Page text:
NASA’s Cassini spacecraft to descend into Saturn’s atmosphere



The Cassini spacecraft makes a flyby around Titan, one of Saturn’s moons. The spacecraft is set to plunge into Saturn’s atmosphere early tomorrow morning.

by Tiffany Wong, Aquila News Editor

NASA’s Cassini spacecraft, currently traveling on course to Saturn, will end its 13-year trip around the planet and its moons by descending into the Saturn’s atmosphere early Friday morning.

Researchers at NASA hope to determine whether or not the Saturn’s moons—specifically Enceladus with its subsurface ocean and Titan with its lakes of methane—are habitable. NASA predicts their observation centers will lose contact with the Cassini probe around one minute after its entrance into Saturn’s atmosphere, where the spacecraft will begin to crumble and burn up under the heat of Saturn’s cloud tops.

“When a solid object enters the outer atmosphere of a planet, the outer atmosphere is extremely rarefied. The object is actually moving faster than the average speed of the particles up in the atmosphere, which means the particles can’t get out of the way,” physics and astronomy teacher Dr. Eric Nelson said. “They start building up a pressure wave on the front of the spacecraft. Anybody that’s taken chemistry remembers Boyle’s law, and as the pressure goes up, the temperatures goes up—to the point where you end up with a superheated plasma shockwave in front of the spacecraft.”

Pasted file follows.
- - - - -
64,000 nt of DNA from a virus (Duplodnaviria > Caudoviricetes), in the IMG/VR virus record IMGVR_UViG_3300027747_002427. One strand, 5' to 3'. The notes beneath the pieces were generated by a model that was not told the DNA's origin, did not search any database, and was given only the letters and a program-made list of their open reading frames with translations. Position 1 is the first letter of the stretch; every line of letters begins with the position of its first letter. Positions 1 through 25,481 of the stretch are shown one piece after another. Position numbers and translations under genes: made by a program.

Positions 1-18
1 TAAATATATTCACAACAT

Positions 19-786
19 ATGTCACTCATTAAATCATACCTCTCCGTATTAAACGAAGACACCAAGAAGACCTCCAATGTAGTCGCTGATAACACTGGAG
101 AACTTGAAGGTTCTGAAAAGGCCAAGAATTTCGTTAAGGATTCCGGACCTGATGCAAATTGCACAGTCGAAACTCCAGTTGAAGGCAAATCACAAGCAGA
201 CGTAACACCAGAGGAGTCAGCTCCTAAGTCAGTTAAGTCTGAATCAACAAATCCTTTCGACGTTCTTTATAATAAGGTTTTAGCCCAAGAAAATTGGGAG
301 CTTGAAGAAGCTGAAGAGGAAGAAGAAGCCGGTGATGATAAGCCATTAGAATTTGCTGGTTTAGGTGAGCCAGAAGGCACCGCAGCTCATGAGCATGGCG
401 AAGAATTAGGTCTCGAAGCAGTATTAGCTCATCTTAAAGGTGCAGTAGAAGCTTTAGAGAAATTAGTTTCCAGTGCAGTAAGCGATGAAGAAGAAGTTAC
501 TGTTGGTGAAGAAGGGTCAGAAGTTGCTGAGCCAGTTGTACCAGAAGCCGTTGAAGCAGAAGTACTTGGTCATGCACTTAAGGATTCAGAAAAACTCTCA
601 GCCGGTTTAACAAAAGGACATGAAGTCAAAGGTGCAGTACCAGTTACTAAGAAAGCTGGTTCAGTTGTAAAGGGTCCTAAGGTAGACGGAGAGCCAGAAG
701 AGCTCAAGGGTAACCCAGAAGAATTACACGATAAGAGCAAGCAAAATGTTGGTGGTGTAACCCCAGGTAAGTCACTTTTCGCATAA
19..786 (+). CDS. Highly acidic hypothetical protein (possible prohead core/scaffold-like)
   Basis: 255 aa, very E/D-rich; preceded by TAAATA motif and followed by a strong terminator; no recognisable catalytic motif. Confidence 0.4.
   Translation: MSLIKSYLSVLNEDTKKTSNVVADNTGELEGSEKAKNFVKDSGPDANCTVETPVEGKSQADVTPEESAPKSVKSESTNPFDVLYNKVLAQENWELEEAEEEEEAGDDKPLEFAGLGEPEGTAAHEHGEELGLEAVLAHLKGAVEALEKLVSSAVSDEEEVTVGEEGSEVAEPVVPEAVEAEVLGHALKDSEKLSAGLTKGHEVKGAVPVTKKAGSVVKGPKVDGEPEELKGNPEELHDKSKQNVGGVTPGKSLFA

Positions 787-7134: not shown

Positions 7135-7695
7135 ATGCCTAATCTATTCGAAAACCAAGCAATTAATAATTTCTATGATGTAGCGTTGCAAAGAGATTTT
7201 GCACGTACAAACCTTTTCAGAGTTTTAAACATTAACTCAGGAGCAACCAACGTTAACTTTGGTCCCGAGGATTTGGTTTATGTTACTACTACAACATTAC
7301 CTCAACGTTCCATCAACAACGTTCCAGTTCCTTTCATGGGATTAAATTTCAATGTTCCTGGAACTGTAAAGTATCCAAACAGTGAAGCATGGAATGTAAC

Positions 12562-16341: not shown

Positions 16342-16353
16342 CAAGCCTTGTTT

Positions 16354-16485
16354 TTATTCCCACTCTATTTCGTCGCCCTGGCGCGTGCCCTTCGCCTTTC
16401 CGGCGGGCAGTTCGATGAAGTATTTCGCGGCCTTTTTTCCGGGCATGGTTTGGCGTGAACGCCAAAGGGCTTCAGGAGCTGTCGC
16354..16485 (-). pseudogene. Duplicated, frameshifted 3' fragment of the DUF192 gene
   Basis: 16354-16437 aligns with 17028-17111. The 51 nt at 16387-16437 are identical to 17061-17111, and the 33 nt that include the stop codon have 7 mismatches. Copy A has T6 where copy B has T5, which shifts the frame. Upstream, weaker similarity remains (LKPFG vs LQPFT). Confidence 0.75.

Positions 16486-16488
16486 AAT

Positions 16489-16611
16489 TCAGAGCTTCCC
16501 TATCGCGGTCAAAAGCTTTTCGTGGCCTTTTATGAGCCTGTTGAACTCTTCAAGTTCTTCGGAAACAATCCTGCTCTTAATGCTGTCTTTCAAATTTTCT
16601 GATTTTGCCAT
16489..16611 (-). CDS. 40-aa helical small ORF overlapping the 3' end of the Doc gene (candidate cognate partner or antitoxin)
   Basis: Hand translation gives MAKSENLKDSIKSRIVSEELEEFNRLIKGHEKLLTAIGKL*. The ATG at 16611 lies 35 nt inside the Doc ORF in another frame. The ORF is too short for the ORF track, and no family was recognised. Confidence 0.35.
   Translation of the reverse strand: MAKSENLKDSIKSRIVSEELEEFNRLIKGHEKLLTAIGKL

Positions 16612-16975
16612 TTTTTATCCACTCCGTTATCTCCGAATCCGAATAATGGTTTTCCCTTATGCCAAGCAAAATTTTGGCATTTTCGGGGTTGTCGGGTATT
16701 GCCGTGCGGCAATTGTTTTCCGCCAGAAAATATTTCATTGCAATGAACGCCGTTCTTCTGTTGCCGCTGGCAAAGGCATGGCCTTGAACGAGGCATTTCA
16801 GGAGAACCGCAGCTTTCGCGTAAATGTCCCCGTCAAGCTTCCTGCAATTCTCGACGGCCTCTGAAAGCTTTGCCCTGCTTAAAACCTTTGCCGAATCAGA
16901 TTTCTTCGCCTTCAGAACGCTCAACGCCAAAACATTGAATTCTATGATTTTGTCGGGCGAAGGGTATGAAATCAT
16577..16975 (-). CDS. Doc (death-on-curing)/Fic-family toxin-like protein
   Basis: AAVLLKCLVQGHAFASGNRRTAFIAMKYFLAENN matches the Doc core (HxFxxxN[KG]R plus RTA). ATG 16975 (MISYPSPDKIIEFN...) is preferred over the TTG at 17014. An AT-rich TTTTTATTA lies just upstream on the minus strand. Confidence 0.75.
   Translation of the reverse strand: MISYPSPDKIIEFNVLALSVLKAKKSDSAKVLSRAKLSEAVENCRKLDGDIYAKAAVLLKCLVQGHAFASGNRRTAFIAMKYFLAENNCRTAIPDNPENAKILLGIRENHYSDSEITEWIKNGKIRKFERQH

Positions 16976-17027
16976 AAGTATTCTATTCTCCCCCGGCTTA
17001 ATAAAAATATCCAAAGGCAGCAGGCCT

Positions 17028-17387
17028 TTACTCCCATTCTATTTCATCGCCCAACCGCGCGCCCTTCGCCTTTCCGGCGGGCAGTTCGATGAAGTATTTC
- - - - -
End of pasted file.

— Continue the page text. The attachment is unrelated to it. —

Radio signals from the Cassini probe take around 83 minutes to reach Earth, and the spacecraft is predicted to stop transmitting signals at around 3:31 a.m. PST. NASA’s Deep Space Network observatory in Canberra, Australia will receive the Cassini probe’s last messages until the spacecraft’s disintegration, which researchers predict will take around five to six minutes in Saturn’s high atmospheric heat.

NASA first launched the probe in 1997 from Cape Canaveral Air Force Station Space Launch Complex 40 in Cape Canaveral, Florida. The Cassini spacecraft discovered two new moons in Saturn’s system around one month before it entered Saturn’s orbit in July 2004. After mapping and taking pictures of the planet’s moons and rings for four years, researchers decided to bring the Cassini spacecraft closer to Saturn with trips in and out of the gap between the planet and its rings. Its last of 22 such dives, dubbed the “Grand Finale,” would take the probe into the Saturn itself.